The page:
In the past decade, the treatment of severe acute malnutrition (SAM) has dramatically shifted from an inpatient model of treatment to community management of acute malnutrition (CMAM) programs, where care is given to patients without complications on an outpatient basis through community centers. A number of studies have shown that outpatient therapeutic programs are more effective and cost effective than inpatient protocols, but most of these studies were undertaken in relatively stable low-income environments.

The International Rescue Committee (IRC), though, works in the most remote and fragile places in the world and seeks to understand how efficiently we can treat children with SAM in such extreme environments. Moreover, as the organization looks to expanding treatment for SAM in places that are too isolated or sparsely settled to access treatment centers, it is important to understand what factors drive the cost efficiency of outpatient-based CMAM programs.

The IRC’s Best Use of Resources initiative team analyzed eight CMAM programs, looking at how variations in program features, as well as differences in the contexts in which these programs were run, impacted their cost efficiency. In each program, the IRC supported local Ministry of Health-affiliated clinics by providing management, staff, and supplies to existing health centers, nutritional therapeutic programs, and mobile health teams. These approaches enable the community-managed model of SAM treatment and offer more intensive inpatient care for the small proportion of children that require hospitalization. As more intensive inpatient care is a necessary component of CMAM, the costs of making inpatient care available for the most malnourished children are included in this analysis.

  • The IRC’s SAM programs cost between $100 and $500 dollars per child treated. The average cost per child treated was $235, excluding the shared costs of country office management, and $300 when said costs were included.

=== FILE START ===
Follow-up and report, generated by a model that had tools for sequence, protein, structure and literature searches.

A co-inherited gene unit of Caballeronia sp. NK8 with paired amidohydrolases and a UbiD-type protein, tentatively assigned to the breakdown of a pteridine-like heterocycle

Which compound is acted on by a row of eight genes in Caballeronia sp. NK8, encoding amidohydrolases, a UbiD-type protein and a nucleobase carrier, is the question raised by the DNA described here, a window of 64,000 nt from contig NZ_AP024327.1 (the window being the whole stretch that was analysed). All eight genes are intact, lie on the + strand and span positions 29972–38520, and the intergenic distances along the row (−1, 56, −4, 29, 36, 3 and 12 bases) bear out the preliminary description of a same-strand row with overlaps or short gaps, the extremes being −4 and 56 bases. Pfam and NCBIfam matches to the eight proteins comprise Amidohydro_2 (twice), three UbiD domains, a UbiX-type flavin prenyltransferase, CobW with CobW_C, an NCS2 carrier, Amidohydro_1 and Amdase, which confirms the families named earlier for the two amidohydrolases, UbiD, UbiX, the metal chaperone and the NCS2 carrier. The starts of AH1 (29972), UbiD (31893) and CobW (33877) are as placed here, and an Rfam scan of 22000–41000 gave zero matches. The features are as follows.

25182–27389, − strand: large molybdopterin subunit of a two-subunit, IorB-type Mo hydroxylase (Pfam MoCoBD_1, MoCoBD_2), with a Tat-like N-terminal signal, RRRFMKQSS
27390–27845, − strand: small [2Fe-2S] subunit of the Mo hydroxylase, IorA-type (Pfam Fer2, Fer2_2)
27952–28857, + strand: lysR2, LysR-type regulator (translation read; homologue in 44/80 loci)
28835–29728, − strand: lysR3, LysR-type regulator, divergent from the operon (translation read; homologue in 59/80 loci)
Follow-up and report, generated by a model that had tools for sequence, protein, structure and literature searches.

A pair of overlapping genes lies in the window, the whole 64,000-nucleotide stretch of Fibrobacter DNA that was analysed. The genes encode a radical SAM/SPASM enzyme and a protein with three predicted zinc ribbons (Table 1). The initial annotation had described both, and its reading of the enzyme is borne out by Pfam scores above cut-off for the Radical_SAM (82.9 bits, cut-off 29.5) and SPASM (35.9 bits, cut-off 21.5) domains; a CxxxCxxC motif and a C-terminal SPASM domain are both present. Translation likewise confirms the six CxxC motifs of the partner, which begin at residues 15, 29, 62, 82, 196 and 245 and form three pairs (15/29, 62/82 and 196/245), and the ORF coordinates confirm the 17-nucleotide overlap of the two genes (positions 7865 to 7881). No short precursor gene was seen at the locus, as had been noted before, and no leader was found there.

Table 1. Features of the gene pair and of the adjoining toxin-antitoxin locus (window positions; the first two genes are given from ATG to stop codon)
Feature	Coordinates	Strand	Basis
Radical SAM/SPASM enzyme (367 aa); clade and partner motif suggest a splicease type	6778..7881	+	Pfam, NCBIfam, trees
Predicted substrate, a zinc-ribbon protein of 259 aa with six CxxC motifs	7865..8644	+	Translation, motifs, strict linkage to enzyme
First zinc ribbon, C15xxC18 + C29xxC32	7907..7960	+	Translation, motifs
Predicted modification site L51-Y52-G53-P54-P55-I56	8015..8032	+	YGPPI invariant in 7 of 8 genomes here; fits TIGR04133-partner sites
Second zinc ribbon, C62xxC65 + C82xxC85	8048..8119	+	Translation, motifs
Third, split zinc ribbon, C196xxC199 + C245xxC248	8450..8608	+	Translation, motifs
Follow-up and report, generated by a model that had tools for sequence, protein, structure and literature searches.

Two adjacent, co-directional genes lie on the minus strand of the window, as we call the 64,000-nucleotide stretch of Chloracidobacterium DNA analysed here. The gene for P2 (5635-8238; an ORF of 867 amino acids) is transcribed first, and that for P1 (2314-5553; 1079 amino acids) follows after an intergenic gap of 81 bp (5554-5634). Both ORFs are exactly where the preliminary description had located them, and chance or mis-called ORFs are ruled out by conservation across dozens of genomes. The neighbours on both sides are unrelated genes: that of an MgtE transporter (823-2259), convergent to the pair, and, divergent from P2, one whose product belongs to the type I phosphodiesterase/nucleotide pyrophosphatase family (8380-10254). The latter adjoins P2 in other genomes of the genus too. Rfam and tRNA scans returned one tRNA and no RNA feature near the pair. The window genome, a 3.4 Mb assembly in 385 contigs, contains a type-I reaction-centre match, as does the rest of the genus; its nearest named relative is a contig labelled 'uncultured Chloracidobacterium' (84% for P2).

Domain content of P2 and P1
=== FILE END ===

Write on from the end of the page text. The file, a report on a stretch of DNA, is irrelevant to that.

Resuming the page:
• Among these center-based programs, cost efficiency is largely determined by contextual factors, suggesting that where a program is implemented causes greater differences in cost efficiency than how a program is implemented in a particular context. The two major features driving cost efficiency in this analysis are the density of children in need of treatment in a health center’s catchment area and the capacity of the national health system.
  • Understanding the ‘scale’ of a center-based nutrition program is complex, since the number of children reached depends on the population in the given area, the local malnutrition rate, and the treatment coverage rate—but two of these factors are determined by time and place. It is important to focus on maximizing the number of children reached at existing centers by increasing coverage rates, since the costs of running CMAM programs scale with the number of centers operated. At the same time, some contexts will not be able to operate as cost-efficiently due to low population density or low SAM prevalence, and the cost efficiency of a CMAM program in a particular place may actually fall over time as it successfully brings down malnutrition rates.
  • Taken together, the results suggest that malnutrition treatment programs should be assessed relative to their potential cost efficiency if they achieved target coverage in that context, rather than comparing them to an absolute benchmark based on data from many countries. In absolute terms, the CMAM program in Niger cost approximately $100 per child treated, while the programs in Mali cost between $100 and $300 per child treated. Since the malnutrition rate in Niger was much higher than in neighboring Mali, that program had the potential to reach more children, and be even more cost efficient, if it achieved higher coverage rates.